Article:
It seems like so much longer than one month ago that the New England Patriots were in total disarray. Quarterback Tom Brady was said to be on the decline and no longer an elite quarterback. The offense completely lacked weapons.
What a difference an offensive line can make.
That group of five men—tasked with protecting Brady and opening holes for the running backs—has been the key to the remarkable turnaround.
It hardly seems like the Patriots are the same offense that they were in Weeks 1-4.
That's because they're not exactly the same.
|Patriots offensive line|
|Week 1-4||Player||Week 5-8||Player|
|LT||Nate Solder||LT||Nate Solder|
|LG||Jordan Devey||LG||Dan Connolly|
|C||Dan Connolly||C||Bryan Stork|
|RG||Marcus Cannon||RG||Ryan Wendell|
|RT||Sebastian Vollmer||RT||Sebastian Vollmer|
|Source: Bleacher Report research|
At the start of the regular season, it seemed like the Patriots had missed the memo that preseason was over. From week to week, and even from drive to drive, the Patriots seemed unsettled on the offensive line, rotating different players in and out as they searched for the right combination.
They stumbled into the correct lineup in Week 5 against the Cincinnati Bengals, then were without two of the key cogs—guard Dan Connolly and center Bryan Stork—for two weeks due to concussions.
The Patriots got by without those two, and with the return of both Connolly and Stork against the Chicago Bears, normalcy was restored and dominance continued.
In the first four games of the season, Patriots quarterbacks were pressured 47 times on 154 dropbacks (30.5 percent). In the four games since then, Patriots quarterbacks have been pressured only 40 times on 154 dropbacks (25.9 percent).
That's not a huge gap by any stretch, but it's enough to make it feel like Brady has all the time in the world.
Brady is at his best when he has a clean pocket from which to operate. That allows him to scan the field and find his favorite receiver—the open one. The Patriots have different ways of helping to give him that extra time, but one of the most commonly practiced methods for them this season has been play-action passes.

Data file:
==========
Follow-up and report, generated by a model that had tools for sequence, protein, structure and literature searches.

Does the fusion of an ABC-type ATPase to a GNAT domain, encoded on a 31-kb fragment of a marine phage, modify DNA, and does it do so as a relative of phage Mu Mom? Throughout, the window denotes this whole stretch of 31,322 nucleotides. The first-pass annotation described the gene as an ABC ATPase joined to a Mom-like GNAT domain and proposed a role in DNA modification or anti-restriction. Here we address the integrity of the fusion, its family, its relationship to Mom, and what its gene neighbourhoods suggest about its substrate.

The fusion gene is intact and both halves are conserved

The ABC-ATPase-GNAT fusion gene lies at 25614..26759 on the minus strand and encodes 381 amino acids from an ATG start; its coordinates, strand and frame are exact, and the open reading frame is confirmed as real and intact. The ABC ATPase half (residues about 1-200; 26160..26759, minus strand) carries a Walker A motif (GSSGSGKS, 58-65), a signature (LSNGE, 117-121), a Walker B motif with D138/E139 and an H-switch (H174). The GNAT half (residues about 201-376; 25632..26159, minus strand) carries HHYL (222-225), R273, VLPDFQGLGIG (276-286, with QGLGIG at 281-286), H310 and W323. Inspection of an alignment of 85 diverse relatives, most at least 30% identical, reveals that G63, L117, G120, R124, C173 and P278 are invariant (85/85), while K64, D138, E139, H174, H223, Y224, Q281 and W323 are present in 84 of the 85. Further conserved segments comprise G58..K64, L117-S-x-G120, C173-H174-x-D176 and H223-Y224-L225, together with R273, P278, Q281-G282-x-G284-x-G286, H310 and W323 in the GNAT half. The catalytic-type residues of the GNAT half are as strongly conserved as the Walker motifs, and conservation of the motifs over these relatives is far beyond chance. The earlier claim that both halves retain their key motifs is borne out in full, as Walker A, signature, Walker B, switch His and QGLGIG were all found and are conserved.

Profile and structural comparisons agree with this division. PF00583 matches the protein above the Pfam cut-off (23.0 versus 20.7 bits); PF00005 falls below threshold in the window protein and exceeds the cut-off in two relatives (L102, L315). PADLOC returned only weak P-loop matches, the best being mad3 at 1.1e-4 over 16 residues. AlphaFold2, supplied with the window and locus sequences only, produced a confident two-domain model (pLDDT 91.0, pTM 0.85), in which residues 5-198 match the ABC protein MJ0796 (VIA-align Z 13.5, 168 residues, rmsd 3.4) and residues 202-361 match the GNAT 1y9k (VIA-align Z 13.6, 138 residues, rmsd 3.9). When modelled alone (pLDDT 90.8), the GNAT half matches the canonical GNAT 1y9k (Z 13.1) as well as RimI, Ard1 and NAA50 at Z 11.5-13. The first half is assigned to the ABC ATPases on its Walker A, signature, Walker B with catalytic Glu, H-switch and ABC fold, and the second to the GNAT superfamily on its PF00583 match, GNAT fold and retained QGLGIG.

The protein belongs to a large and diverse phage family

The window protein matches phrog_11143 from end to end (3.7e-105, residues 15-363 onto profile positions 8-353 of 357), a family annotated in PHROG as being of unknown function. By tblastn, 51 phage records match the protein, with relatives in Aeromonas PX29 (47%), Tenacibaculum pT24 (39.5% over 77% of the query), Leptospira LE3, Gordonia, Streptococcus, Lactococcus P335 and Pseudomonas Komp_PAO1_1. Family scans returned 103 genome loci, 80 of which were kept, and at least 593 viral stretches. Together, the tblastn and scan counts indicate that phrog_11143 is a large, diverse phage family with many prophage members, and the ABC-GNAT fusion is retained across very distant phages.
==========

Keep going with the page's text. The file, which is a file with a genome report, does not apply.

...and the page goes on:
Brady has faked a handoff on 83 of his 298 dropbacks (27.9 percent) this season. According to Pro Football Focus (subscription required), that is the sixth-highest percentage in the league.
The Patriots have gone to that well quite frequently and wasted no time in catching the aggressive Bears defense off guard with the play-action fake. Brady's first pass attempt of the game, with 12 minutes and three seconds left in the first quarter, was off a play fake.
Brady barely held the ball for a half-second, instead taking advantage of a huge hole in the middle of the Bears defense by hitting wide receiver Brandon LaFell (circled in yellow) on a slant route in the space vacated by the Bears linebacker (circled in black).
But he could have held the ball all day long if he wanted. The pressure wouldn't have reached him for quite some time.
The play-action game has been a good foundation for the stellar play of the offensive line, but it has not been the only thing that's been keeping Brady clean. The Patriots have not been shy about running a five-man protection scheme when they need to do so.
In fact, over the first four games, they had more than five men in protection on 57 of 154 pass plays (37 percent) and kept only five protectors on the other 97 plays.
In the previous four games, they have kept more than five men in pass protection on 69 of 154 plays and entrusted the protection to five men on 85 plays.
Again, that's not a huge variance, which speaks volumes of the Patriots' coaching staff and its trust in the offensive line—which hasn't wavered despite the ugly start.
Tight end Rob Gronkowski's spectacular 46-yard touchdown came with a five-man protection scheme, which gave Brady more than enough space and time to read the defense, make a sandwich, take a nap and wait for Gronkowski to come open.
Why has the offensive line been so much better in the past four games than it was in the first four?
Part of it certainly has to do with the settling down of the rotation, but the Patriots wouldn't stick five men on the field if they weren't confident in those guys to get the job done.
One item of note: The Patriots' interior line is comprised entirely of centers and former centers. Connolly, Stork and Ryan Wendell have all played center at one point or another in their careers.
The ability of those three to identify blocking assignments is beneficial not only to Stork—who is only just beginning to cut his teeth in the NFL—but to the line as a whole, which lacked cohesion early in the season.
Nothing else in the Patriots offense has changed besides the offensive line. There is no special pressure-proof scheme, no magical wand it's waved and nothing special in the water. It's simply a matter of better execution up front, which has given the Patriots offense all the juice it needs to get back on track.
Unless otherwise noted, all quotes obtained firsthand and all stats obtained via film review.